I've just realized that my sharing all this may inspire you and others to share the experience of living into the Master Code, out from which even a new community of practice may emerge, who knows.  

[1] The origins of this Code are uncertain. George Por’s research says he found Meg Wheatley mentioning it in her beautiful essay on The Promise and Paradox of Community, which then on the research trail led to the students of the Olympic Heights School in Calgary. (Maybe it was the New Zealand exchange teacher, Campbell Till, who brought it to Canada, but it's the Canadian students who gave life to it.)

Marilyn Hamilton, a visionary activist of our emerging Planet of Cities, elevated those guidelines to be the Master Code for our “Evolutionary Intelligence” to foster more conscious, healthier cities, in her 2008 book Integral City and explored further in the Integral City 2.0 Conference.

[2] This Spectrum is based on the Spiral Dynamics work of Clare Graves as elaborated by Don Beck and Christopher Cowan. The unnamed stages are: One:Beige, Two:Purple, Three:Red, Four:Blue, Five:Orange, Six:Green, Seven:Yellow, Eight:Turquoise, Nine:Coral, and Ten:Teal. I have used only my own interpretation of the characteristics of these stages, which sometimes differs from or goes far beyond, the “official” descriptions.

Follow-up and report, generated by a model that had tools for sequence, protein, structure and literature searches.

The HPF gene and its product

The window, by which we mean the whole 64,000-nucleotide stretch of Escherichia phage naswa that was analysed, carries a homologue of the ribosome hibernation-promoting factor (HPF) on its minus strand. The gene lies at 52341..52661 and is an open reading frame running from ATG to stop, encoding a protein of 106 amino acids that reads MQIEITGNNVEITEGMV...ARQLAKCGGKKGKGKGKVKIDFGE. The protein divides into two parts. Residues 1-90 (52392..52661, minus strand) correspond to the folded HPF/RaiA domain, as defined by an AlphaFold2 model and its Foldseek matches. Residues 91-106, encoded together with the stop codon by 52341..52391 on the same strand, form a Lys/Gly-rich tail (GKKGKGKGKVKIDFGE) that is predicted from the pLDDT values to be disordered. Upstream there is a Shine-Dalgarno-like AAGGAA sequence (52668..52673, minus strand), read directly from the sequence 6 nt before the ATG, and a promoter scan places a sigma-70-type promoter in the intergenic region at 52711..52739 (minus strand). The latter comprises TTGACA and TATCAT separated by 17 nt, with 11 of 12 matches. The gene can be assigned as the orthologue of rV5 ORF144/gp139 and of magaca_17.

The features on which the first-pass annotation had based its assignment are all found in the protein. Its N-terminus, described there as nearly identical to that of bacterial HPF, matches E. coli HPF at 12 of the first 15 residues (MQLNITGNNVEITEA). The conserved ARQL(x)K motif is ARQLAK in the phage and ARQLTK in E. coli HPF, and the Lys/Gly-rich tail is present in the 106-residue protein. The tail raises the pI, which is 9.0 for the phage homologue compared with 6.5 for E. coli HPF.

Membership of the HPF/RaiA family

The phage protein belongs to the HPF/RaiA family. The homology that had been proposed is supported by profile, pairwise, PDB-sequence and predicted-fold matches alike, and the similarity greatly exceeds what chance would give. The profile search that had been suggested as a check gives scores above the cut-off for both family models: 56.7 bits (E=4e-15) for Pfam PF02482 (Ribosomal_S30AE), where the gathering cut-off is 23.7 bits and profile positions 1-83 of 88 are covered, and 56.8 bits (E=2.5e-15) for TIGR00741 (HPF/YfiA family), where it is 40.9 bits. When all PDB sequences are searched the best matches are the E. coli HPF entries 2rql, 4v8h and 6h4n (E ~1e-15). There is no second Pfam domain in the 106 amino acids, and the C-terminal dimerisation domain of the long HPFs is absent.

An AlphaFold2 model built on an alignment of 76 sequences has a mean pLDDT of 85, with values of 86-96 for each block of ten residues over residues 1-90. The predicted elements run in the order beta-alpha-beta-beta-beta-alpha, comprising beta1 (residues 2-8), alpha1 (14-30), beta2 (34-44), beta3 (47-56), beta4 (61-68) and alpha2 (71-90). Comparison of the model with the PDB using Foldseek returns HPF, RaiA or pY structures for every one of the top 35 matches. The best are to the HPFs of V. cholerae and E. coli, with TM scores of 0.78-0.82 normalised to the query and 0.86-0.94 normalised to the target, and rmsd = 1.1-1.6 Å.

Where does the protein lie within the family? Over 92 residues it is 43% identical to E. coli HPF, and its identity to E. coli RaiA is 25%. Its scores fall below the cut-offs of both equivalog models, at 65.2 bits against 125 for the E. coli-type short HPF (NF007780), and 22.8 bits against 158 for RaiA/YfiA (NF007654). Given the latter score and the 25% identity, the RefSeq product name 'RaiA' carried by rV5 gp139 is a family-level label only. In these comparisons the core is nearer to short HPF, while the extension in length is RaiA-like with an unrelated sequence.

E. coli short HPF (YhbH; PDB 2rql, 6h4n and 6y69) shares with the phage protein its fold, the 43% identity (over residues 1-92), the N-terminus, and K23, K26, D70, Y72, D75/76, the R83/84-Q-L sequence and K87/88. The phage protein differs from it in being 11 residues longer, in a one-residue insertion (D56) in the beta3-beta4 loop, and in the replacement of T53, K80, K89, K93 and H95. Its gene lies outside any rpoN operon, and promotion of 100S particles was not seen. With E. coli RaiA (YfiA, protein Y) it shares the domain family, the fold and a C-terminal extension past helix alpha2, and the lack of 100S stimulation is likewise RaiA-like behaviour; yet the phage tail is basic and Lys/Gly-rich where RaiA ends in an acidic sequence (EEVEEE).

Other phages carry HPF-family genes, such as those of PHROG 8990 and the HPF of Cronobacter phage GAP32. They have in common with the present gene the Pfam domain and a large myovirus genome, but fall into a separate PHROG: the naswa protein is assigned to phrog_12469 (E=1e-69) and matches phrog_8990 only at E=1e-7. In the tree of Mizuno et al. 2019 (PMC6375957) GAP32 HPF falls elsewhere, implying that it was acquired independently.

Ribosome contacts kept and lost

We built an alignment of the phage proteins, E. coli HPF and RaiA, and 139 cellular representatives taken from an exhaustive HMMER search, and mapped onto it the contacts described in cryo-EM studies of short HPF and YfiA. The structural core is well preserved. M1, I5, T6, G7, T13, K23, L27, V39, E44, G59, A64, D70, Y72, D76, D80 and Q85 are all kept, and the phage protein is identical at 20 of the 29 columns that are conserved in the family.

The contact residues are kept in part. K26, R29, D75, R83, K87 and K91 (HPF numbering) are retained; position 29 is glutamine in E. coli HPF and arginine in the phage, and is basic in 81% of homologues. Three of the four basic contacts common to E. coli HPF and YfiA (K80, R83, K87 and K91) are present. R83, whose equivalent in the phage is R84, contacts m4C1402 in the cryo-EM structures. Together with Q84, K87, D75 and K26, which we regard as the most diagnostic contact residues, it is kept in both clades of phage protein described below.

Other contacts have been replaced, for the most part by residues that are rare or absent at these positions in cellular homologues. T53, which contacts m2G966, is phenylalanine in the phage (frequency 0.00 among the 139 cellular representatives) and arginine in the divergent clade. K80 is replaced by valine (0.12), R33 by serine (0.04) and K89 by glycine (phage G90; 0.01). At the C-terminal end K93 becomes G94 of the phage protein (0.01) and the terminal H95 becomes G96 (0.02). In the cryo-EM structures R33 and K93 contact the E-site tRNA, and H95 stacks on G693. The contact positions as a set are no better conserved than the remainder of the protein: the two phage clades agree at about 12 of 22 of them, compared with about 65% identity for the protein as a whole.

by Rev. Alia Aurami, Ph.D., Head Minister, Amplifying Divine Light in All Church
"Amplifying Divine Light in All" is a completely independent church fostering empowerment of people to co-create loving, thriving God-realized lives, and wellbeing for everyone, on a clean, peaceful Earth.
Our main religious purpose and mission is to amplify the Divine Light in everyone. When you read this article, you will agree or disagree with its various points, and then you will know more about what is true for you. Knowing more of your own Truth amplifies your Divine Light. Thus providing/presenting this article is one way for us to accomplish our purpose and mission. 
This article and our providing/presenting it are therefore a central and essential part of our exercise and practice of our religion. 
None of the contents herein are claimed as absolute truth. They represent one possible perspective which might prove useful for you.